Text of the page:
Champaign Council Recommends Case-by-Case Review for Groundwater Ordinance
Champaign's City Council has recommended that it consider repealing the city's groundwater ordinance - but on a case by case basis.
A capacity crowd attended Tuesday night's 4-hour meeting and study session, urging the council to force the Illinois EPA and Ameren to conduct a full remediation of the former manufactured gas plant site at 5th and Hill streets, that includes neighboring properties.
Resident Lillian Driver operates a day care out of her home, where evidence of 6 different chemicals was revealed in a recent test.
"Imagine these are your children that I will be watching," Driver said. "You wouldn't allow them to be in this situation. You would take them out. Now that this has been exposed, more than likely, these children I'm attending to, these parents are going to remove these children."
City staff and an EPA official still contend that levels of chemicals like benzene don't pose a health risk. But two environmental experts hired by Champaign County Health Care Consumers say samples taken this week from a Boneyard Creek pipeline prove Ameren hasn't done nearly enough to remediate the gas plant site.
Council member Will Kyles said Ameren appears to have done a good job with its cleanup efforts, but he said tests for chemicals like benzene continually prove otherwise.
"All I know is that as we continue to look into these issues, and continue to dive in and do more tests, we do find more stuff," he said. "Every time we go into meetings, we have homework assignments. And so that creates doubt. And that shows doubt there's doubt in our minds that this clean up is effective."
The City Council is also recommending that staff prepare a statement for the Illinois Pollution Control Board on vapor intrusion standards. Mayor Jerry Schweighart said it will likely require another study session before the groundwater ordinance repeal receives a formal vote.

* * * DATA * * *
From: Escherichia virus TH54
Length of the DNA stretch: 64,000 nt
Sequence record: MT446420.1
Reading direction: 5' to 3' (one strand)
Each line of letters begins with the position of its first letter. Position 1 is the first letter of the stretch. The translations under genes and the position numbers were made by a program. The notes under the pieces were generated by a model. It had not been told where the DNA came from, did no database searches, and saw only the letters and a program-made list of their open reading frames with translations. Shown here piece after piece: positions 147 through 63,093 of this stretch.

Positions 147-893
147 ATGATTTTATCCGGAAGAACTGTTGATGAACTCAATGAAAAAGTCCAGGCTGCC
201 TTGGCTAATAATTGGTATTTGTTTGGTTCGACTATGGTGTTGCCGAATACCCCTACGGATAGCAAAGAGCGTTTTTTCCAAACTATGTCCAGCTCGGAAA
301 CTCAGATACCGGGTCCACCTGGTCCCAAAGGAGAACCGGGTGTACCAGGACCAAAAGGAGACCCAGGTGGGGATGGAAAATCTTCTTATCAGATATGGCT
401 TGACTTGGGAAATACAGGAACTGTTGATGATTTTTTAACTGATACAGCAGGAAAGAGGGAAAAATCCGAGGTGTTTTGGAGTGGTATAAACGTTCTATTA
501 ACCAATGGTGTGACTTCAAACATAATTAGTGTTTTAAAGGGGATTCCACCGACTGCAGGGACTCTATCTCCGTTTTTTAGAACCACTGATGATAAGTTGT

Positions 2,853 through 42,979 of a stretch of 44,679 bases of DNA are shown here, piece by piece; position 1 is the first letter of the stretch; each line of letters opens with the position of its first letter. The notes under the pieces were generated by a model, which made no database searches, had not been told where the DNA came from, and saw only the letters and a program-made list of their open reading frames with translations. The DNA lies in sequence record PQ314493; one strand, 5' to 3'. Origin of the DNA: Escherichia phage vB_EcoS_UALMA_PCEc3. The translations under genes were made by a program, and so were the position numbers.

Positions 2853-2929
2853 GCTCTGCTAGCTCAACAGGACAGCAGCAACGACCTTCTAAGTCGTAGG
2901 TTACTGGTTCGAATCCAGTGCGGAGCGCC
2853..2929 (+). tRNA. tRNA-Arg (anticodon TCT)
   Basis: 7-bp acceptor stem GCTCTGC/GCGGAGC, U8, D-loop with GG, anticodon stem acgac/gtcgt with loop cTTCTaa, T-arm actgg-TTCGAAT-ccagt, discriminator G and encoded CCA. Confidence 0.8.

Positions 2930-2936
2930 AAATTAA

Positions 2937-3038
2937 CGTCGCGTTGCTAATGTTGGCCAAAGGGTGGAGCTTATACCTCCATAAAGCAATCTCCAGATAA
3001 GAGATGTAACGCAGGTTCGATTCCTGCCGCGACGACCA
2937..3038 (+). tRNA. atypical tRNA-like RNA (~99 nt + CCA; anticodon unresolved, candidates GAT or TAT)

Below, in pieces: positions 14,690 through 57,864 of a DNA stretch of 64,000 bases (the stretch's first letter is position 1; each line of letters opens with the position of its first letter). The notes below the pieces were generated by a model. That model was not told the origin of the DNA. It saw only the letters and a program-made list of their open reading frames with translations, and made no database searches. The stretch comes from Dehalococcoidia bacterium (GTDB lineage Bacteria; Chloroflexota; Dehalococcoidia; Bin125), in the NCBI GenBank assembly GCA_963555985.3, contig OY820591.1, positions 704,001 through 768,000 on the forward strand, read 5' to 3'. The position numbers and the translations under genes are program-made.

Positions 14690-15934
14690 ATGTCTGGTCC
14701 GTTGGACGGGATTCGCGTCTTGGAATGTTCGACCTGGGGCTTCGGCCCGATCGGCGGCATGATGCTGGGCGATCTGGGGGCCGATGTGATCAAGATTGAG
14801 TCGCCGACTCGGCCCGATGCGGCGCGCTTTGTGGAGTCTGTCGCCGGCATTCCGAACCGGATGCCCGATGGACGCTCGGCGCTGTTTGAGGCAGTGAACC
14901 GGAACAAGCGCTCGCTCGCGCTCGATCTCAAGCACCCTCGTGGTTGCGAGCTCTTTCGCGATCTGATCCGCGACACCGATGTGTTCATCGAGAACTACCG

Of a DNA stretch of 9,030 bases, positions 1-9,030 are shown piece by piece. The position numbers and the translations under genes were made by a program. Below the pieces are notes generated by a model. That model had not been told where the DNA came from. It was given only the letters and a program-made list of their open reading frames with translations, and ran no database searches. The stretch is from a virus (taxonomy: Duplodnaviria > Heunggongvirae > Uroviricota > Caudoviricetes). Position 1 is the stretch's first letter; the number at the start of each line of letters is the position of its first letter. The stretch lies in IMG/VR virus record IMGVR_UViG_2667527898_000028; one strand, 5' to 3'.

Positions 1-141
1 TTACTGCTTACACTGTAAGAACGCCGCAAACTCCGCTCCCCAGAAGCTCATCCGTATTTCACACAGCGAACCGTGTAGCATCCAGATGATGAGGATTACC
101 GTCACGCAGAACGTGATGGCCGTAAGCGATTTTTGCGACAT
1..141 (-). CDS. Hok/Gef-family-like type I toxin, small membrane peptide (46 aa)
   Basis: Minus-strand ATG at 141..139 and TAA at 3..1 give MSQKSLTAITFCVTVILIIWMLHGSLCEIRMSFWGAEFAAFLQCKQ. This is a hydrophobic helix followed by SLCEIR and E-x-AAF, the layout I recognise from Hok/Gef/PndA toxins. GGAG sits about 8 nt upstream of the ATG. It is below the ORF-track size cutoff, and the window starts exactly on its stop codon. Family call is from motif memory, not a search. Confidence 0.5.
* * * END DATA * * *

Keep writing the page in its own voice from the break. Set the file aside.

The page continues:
But the Council's recommendation was not enough to stop a potential lawsuit against the city regarding the discharge of contaminants in Boneyard Creek. Claudia Lennhoff with Champaign County Health Care Consumers has given the city 60 days to treat pollutants flowing from a drainpipe into the creek, or the citizen lawsuit will proceed.
Lennhoff said the city is violating the Clean Water Act by allowing contaminated groundwater from the Ameren gas plant site to seep into that pipe. And said says it may contain coal tar, like another section of pipe she found in Boneyard Creek.
"And any time that water washes over that, it's spreading some of the contamination from the coal tar," Lennhoff said. "It's very important for the city tor respond to this issue, but the city can thank Ameren for this pipe, or the predecessor company, but it is on city property and so the responsiblity is up to the city to get it cleaned up."
But Lennhoff commends the city council's recommendation to consider groundwater ordinance repeals on a case by case basis, saying it will provide more transparency for residents. She said if the ordinance still exists citywide, it will allow the owners of gas stations, dry cleaners, and other businesses to try and avoid cleaning up groundwater contamination.